Federal prosecutors asked U.S. District Judge Stanley S. Harris yesterday to dismiss cocaine distribution charges against D.C. contractor Herbert (Dusty) Young, saying that a key witness would not be available for the trial, which was to begin Monday.

Sources said that FBI agent Allen Crawford, who allegedly made two cocaine purchases from Young, is involved in a major undercover drug investigation and would not be able to testify.

The government's motion, filed yesterday by Assistant U.S. Attorney Rhonda C. Fields, asked Harris to dismiss the indictment without prejudice, which means that the charges could be refiled later. Harris, who canceled the trial, has not yet ruled on the dismissal request.

Young, who had intended to represent himself during the trial, could not be reached for comment yesterday. Defense lawyer Ernest W. McIntosh Jr., who was appointed by Harris to assist Young, said he will oppose giving the government the option of refiling the charges. "Mr. Young has had a cloud over his head since August," said McIntosh, adding that the matter should be resolved.

Fields said in the government's motion that she did not know when her witness would be available to testify. Because of the time that has already elapsed since Young's indictment, the government would be unable to seek any significant additional delays under the federal speedy trial act. The act says a defendant must must go to trial within 70 days of indictment, with some exceptions considered.

McIntosh said Young believed the government's decision not to go to trial next week is related to a defense request to prosecutors for the FBI to provide its so-called informant's file on Young. Young has maintained that he was charged in retaliation for his refusal to cooperate with the FBI's ongoing probe of city contracting practices.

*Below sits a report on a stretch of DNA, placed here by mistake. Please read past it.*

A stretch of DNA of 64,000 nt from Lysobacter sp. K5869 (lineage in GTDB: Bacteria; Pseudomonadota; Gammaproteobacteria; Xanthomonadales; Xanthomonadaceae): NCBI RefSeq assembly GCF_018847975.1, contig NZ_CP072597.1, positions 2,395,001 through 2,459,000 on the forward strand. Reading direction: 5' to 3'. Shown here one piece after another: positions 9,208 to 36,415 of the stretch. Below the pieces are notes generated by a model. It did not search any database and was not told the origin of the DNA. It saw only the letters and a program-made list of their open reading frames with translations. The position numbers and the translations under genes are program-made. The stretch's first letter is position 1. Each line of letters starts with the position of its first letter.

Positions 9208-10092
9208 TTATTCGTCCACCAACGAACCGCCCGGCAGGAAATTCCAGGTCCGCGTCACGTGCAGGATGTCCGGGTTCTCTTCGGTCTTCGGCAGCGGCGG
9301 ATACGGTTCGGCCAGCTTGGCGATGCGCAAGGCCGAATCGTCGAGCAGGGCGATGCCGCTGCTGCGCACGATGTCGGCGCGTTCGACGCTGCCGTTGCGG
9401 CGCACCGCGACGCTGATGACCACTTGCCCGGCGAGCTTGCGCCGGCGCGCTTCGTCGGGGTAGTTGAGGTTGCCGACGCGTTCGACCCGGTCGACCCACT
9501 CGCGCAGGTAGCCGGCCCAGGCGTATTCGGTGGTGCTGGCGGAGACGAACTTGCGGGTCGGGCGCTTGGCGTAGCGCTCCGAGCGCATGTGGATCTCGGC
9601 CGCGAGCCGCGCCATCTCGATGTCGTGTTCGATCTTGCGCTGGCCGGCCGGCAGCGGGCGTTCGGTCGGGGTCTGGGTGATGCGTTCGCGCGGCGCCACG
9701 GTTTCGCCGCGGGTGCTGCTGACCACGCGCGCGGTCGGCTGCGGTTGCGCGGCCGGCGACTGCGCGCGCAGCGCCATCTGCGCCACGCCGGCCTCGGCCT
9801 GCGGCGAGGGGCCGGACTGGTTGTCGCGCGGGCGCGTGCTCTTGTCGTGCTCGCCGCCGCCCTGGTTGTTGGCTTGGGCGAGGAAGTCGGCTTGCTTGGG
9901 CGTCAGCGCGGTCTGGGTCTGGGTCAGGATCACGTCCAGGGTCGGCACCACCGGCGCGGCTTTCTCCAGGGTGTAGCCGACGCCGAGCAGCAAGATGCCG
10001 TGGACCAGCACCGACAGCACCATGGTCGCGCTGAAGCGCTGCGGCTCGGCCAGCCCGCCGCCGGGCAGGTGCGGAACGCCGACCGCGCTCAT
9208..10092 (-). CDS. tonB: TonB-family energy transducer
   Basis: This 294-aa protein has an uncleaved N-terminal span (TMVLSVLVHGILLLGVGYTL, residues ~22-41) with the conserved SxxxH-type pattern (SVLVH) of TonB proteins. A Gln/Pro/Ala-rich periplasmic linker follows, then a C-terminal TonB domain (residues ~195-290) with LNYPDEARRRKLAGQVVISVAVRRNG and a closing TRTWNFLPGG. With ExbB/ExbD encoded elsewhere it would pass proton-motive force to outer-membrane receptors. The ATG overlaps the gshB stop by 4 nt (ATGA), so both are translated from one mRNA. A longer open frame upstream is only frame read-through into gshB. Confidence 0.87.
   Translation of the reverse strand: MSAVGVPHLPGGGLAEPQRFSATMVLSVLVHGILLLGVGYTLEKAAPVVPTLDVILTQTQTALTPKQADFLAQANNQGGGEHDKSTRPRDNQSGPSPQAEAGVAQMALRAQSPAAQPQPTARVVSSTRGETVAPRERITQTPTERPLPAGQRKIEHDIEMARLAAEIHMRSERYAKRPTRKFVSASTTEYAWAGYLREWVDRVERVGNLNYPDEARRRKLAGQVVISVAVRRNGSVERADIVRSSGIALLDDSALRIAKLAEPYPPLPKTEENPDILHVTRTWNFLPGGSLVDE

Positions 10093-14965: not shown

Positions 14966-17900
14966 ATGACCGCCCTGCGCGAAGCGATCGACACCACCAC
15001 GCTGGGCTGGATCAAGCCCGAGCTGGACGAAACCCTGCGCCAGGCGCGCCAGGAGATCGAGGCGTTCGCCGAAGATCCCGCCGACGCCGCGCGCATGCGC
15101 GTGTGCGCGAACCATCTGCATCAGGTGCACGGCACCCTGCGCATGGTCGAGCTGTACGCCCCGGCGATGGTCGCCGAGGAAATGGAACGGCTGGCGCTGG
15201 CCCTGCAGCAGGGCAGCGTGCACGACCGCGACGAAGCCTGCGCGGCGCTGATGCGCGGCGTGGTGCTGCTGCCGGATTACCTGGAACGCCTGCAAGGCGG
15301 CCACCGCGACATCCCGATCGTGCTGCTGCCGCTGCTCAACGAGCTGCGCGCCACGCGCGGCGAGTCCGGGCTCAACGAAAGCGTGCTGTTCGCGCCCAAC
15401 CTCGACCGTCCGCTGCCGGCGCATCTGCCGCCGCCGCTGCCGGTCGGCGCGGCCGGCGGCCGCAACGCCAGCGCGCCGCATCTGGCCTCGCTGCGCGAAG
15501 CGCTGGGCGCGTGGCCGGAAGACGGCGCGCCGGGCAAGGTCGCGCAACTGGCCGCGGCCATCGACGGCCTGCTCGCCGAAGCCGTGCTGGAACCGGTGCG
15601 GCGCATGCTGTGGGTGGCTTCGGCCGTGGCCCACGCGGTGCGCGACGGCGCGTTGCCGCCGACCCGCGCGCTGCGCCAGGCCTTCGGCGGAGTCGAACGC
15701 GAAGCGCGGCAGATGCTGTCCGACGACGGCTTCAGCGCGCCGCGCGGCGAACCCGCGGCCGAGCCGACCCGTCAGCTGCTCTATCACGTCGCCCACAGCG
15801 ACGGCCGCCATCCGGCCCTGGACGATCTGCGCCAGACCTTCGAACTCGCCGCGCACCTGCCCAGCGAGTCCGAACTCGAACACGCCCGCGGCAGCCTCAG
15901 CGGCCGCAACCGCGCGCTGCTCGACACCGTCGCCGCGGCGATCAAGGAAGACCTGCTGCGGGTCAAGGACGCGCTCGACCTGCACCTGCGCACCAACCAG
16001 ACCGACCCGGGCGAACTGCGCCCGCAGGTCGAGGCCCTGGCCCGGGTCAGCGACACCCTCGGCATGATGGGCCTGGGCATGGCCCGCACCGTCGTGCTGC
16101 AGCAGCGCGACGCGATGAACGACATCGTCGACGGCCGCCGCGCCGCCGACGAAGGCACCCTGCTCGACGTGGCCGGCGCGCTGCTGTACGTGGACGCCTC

Sources have said that Young at times had provided information to FBI agents about alleged contracting improprieties in Mayor Marion Barry's administration, and at the same time, Young allegedly funneled information to Barry's associates about the FBI's investigations.

Young, 58, of 2518 Q St. SE, was arrested Aug. 11 and charged with using a telephone to facilitate a drug transactions. He was indicted 10 days later on that charge and two cocaine distribution charges.

According to the indictment and the affidavit in support of an arrest warrant, Young sold cocaine to Crawford on Oct. 14, Oct. 16 and Nov. 7, 1986. However, the third sale allegedly took place in Maryland and Young was charged here only with making the telephone call that preceded the transactions.

G. Allen Dale, the defense attorney appointed by U.S. Magistrate Jean F. Dwyer to represent Young, asked to withdraw from the case in early December, citing "irreconcilable differences" between him and his client.

Harris allowed Dale to withdraw and McIntosh was appointed to represent Young. But Young later told the judge he would not accept McIntosh. Harris ruled that McIntosh would serve as an "advisory counsel" to Young and then delayed the trial, which was to begin Jan. 6, until Monday to allow Young and McIntosh to ready their defense.